We have been conducting an ongoing stability study for more than a year without observing breakdown of the amplified product. There is nothing in the amplification product that indicates that it would not be stable for a number of years.
FAQ ID -693
What is the enzyme used in the REPLI-g reaction?
The enzyme used in the REPLI-g reaction is Phi29 DNA Polymerase.
FAQ ID -704
What are the differences between MDA and DOP/PEP methods of Whole Genome Amplification?

DOP (Degenerate Oligonucleotide-primed PCR) and PEP (Primer Extension Preamplification) are PCR-based whole genome amplification (WGA) methods. REPLI-g amplification uses MDA (Multiple Displacement Amplification) which is not a PCR-based method. MDA is scalable with yields adjustable from ug to mg quantities, whereas DOP typically yields 2-3 ug of DNA per reaction. DOP also generates a shorter product which is not suitable for certain downstream applications (e.g. Southern blot and sub-cloning).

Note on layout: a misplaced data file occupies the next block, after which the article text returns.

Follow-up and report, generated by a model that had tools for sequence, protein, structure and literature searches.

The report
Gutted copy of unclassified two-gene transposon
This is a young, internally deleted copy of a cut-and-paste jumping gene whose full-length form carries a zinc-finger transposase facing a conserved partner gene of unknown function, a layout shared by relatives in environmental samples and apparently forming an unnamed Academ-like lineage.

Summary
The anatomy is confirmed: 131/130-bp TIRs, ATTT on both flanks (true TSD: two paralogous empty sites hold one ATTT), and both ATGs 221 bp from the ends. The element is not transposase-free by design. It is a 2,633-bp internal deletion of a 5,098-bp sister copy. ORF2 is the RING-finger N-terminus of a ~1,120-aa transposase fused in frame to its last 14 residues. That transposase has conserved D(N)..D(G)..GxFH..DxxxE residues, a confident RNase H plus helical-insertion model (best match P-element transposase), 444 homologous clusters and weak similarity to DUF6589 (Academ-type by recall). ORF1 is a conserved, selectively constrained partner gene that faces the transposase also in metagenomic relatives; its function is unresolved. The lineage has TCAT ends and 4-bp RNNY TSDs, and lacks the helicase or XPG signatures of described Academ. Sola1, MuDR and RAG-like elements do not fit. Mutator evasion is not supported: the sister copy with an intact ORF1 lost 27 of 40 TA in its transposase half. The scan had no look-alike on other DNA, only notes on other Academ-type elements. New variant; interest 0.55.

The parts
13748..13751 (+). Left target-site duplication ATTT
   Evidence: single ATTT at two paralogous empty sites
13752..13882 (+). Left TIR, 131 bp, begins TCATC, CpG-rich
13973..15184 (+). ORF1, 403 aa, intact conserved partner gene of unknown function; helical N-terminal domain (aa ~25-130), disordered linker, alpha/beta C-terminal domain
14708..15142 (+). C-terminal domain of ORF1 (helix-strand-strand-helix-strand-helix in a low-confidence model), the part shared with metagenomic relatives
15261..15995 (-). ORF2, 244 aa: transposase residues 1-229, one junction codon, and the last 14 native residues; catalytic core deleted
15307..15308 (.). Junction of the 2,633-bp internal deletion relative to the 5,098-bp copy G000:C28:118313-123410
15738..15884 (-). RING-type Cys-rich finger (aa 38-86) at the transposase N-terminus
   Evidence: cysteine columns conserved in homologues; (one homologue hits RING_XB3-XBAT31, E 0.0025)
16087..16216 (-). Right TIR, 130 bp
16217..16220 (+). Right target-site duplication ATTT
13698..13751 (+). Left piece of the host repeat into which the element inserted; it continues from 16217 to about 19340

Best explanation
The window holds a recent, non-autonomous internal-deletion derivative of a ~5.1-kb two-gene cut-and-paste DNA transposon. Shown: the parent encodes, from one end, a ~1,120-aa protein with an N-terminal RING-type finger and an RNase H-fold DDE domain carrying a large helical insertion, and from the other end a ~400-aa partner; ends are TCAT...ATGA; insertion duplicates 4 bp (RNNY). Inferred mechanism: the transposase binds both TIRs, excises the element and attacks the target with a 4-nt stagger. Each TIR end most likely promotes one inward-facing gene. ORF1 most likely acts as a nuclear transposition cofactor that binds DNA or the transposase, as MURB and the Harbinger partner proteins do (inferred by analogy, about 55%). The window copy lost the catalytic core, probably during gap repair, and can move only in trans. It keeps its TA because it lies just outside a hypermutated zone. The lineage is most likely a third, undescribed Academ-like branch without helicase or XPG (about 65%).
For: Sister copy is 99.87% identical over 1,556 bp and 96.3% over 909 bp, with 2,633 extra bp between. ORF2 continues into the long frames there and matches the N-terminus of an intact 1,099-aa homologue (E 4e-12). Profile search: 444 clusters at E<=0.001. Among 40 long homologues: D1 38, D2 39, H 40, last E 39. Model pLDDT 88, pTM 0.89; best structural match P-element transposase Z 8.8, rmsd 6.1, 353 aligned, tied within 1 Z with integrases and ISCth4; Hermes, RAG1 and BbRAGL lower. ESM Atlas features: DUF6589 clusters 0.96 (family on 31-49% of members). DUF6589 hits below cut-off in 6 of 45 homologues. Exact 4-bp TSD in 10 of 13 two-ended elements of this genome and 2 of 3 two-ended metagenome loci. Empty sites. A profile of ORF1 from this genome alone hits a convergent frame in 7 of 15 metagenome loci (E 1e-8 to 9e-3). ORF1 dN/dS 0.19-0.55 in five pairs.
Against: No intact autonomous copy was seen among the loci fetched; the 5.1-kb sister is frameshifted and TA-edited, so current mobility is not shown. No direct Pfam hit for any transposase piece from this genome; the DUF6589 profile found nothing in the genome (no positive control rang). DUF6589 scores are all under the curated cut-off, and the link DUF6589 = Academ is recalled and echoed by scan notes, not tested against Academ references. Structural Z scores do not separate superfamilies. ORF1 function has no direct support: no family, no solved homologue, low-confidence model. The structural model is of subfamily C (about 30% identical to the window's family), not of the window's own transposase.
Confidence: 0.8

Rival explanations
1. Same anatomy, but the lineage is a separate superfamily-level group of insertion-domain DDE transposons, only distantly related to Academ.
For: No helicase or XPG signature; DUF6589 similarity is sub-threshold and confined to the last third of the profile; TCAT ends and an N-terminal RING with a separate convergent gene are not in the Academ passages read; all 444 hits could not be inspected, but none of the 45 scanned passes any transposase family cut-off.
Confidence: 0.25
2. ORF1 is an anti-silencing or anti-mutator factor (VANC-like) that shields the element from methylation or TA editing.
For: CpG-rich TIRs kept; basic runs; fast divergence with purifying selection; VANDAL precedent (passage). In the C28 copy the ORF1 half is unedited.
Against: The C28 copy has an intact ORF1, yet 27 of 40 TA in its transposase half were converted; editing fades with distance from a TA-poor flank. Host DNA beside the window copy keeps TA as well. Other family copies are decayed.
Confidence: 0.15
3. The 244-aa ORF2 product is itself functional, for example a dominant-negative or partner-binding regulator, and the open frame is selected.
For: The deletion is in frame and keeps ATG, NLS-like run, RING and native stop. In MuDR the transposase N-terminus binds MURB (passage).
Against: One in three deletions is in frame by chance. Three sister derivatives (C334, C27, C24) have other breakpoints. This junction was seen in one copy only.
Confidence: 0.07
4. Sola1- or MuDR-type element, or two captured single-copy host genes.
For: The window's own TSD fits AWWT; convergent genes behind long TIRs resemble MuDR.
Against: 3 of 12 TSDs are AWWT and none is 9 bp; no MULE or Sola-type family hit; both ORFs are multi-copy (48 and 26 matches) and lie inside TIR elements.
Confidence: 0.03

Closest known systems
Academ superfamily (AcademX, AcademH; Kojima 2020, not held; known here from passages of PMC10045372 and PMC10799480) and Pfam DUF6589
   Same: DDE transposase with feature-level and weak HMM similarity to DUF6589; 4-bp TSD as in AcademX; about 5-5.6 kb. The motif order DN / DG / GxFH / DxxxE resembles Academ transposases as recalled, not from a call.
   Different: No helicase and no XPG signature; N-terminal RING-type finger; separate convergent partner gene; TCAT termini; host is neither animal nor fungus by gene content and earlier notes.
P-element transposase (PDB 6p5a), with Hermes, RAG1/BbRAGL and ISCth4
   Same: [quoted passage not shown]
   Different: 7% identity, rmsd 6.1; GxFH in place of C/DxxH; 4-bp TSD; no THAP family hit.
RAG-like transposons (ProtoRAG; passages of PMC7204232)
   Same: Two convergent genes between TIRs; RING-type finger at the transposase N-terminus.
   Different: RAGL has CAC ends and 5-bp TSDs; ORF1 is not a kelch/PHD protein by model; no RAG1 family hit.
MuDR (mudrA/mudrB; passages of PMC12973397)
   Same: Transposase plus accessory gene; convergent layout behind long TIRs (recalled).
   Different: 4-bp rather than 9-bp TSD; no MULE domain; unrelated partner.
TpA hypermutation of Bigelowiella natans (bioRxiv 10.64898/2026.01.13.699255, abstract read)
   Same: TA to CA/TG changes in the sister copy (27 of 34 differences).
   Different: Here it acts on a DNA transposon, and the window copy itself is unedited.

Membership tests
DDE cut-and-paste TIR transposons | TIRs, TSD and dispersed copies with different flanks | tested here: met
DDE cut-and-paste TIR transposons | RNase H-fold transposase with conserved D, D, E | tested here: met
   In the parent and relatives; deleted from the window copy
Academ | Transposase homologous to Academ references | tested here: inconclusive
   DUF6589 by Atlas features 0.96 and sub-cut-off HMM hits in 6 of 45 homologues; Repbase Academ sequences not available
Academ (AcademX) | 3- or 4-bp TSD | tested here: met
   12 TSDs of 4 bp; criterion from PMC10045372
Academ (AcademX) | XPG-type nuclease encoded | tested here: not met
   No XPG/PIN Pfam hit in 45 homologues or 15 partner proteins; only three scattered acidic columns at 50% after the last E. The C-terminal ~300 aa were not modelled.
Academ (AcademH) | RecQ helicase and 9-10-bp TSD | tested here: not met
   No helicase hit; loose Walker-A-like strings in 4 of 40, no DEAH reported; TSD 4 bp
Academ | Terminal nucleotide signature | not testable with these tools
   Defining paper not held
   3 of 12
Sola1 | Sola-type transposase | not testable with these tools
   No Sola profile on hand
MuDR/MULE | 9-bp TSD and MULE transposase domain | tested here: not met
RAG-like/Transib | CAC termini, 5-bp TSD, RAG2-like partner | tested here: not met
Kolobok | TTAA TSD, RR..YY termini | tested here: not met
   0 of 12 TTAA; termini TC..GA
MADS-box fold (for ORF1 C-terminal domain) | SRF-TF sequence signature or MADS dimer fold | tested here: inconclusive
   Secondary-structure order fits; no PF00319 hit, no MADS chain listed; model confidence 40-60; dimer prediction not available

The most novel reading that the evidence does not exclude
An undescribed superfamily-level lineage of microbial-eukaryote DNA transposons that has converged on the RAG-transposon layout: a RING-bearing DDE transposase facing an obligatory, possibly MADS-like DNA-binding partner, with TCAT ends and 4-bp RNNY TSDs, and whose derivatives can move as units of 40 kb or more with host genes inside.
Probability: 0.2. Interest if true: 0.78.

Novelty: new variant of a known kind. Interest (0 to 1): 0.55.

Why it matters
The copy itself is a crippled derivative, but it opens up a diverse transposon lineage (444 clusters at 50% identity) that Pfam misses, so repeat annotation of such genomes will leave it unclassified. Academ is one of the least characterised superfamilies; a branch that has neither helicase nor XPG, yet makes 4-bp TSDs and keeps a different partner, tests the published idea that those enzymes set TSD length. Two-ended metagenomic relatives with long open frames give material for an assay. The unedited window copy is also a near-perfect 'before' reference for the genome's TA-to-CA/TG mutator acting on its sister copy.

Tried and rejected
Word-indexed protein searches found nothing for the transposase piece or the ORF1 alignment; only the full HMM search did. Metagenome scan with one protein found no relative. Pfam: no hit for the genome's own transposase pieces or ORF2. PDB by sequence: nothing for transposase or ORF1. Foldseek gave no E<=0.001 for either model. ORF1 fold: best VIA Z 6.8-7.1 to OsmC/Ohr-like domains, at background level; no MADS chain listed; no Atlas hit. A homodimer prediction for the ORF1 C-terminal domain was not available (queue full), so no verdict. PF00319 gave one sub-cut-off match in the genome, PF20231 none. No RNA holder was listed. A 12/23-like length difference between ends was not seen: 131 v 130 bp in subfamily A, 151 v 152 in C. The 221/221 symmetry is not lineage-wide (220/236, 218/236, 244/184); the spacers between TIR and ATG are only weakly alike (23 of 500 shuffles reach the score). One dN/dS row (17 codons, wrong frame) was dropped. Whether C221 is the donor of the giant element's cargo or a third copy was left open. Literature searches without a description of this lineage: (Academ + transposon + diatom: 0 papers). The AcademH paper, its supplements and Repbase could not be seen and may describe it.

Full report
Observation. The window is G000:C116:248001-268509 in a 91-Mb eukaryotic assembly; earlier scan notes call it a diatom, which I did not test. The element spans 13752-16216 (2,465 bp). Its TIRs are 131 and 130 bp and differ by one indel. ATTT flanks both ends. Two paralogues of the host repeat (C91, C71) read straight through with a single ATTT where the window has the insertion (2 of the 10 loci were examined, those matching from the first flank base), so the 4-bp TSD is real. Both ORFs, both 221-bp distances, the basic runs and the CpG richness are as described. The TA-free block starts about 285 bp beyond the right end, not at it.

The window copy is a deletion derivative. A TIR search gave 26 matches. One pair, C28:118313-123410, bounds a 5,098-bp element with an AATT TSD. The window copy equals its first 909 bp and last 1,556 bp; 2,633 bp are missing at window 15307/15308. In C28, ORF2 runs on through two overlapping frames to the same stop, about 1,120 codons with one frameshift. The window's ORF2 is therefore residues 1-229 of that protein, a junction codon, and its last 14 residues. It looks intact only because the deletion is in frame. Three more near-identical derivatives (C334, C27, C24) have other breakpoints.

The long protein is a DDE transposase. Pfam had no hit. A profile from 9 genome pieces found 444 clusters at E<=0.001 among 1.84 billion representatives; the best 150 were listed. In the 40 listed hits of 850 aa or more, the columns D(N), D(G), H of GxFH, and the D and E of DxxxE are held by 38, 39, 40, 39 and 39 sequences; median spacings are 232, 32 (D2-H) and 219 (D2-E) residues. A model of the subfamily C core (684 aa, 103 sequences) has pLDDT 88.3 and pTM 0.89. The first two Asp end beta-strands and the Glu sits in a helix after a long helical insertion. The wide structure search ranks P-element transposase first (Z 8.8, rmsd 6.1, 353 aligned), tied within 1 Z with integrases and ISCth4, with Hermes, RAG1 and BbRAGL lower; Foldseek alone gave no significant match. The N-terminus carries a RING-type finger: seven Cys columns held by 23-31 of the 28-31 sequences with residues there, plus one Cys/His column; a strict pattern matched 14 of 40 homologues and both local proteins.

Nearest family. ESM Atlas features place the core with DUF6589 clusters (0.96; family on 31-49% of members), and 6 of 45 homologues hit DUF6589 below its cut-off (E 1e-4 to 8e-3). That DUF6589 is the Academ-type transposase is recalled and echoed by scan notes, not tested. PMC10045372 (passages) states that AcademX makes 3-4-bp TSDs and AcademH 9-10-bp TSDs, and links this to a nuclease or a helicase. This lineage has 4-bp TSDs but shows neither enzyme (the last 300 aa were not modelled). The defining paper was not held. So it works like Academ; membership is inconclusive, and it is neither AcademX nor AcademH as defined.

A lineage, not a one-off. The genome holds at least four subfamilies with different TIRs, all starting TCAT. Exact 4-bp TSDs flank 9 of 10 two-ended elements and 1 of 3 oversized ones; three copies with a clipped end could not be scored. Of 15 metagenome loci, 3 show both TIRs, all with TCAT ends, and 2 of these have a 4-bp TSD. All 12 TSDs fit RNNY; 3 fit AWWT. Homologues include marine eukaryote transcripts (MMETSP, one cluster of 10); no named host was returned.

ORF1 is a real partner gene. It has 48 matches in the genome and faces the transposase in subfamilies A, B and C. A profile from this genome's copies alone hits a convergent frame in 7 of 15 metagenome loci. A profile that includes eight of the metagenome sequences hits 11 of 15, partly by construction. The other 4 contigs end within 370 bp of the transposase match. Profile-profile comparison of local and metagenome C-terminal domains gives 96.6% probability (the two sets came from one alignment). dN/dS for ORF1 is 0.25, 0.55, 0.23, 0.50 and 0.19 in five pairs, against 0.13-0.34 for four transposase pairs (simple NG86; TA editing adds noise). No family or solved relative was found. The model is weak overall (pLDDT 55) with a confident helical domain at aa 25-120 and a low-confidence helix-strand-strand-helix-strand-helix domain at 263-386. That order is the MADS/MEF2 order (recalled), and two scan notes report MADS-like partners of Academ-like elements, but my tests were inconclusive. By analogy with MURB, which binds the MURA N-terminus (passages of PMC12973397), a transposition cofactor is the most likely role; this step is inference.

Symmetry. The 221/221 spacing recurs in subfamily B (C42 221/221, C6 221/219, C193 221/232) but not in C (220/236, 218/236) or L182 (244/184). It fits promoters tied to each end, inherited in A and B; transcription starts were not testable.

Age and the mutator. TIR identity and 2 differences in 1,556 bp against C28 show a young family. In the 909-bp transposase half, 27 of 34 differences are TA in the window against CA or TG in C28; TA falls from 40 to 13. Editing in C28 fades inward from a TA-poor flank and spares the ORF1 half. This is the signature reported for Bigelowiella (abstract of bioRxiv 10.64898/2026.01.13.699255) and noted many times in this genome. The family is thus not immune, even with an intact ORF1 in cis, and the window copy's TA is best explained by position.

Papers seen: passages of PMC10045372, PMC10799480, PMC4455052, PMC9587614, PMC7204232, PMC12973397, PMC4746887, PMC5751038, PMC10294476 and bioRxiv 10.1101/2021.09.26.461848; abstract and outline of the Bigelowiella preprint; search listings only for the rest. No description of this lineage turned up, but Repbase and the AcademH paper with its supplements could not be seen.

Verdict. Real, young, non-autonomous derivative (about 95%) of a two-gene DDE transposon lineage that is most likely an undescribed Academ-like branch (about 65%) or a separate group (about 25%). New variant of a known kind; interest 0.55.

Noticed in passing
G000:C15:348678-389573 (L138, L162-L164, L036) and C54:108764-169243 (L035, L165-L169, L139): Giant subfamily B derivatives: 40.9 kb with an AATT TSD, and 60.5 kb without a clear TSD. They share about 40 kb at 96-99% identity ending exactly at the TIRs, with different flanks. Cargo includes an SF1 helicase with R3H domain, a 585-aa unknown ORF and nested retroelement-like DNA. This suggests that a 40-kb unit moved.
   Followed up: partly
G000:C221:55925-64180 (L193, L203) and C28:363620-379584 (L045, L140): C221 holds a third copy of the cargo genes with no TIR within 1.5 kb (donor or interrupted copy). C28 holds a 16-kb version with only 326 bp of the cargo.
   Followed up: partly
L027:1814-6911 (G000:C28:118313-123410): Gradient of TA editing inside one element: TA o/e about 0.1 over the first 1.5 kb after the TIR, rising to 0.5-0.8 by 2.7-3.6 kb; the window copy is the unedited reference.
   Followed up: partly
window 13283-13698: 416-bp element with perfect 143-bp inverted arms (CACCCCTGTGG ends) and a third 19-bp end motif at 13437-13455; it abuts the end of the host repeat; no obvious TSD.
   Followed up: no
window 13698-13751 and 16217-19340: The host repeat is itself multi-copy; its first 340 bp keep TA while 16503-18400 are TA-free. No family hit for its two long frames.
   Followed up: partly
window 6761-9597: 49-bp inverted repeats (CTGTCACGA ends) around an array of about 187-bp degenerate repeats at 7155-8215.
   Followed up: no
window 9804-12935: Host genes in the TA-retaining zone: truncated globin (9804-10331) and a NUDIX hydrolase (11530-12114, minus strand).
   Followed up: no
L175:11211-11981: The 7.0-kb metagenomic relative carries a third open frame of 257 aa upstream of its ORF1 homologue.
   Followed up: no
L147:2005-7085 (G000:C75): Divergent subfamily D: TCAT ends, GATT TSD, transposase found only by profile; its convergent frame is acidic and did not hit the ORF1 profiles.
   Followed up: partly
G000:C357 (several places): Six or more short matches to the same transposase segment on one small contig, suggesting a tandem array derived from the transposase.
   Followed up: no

DOP and PEP products are different from REPLI-g MDA products for a number of reasons. First, after amplification is complete, PEP products have active thermostable polymerase that will degrade the amplification product over time, because the polymerase cannot be inactivated. Second, PEP reactions consist of PCR amplicons which have the potential to contaminate other reactions as 'runaway amplicons' (e.g., amplicons in the aerosol that may be co-amplified if they accidentally get into other reactions).

REPLI-g product has neither of these issues. The polymerase is heat-inactivated after the REPLI-g reaction is complete, so it cannot digest the amplified product. There are no issues with 'runaway amplicons', because the reaction is performed at constant temperature by a hyper-branching amplification mechanism, amplifying the genome randomly without generating specific amplicons.

FAQ ID -665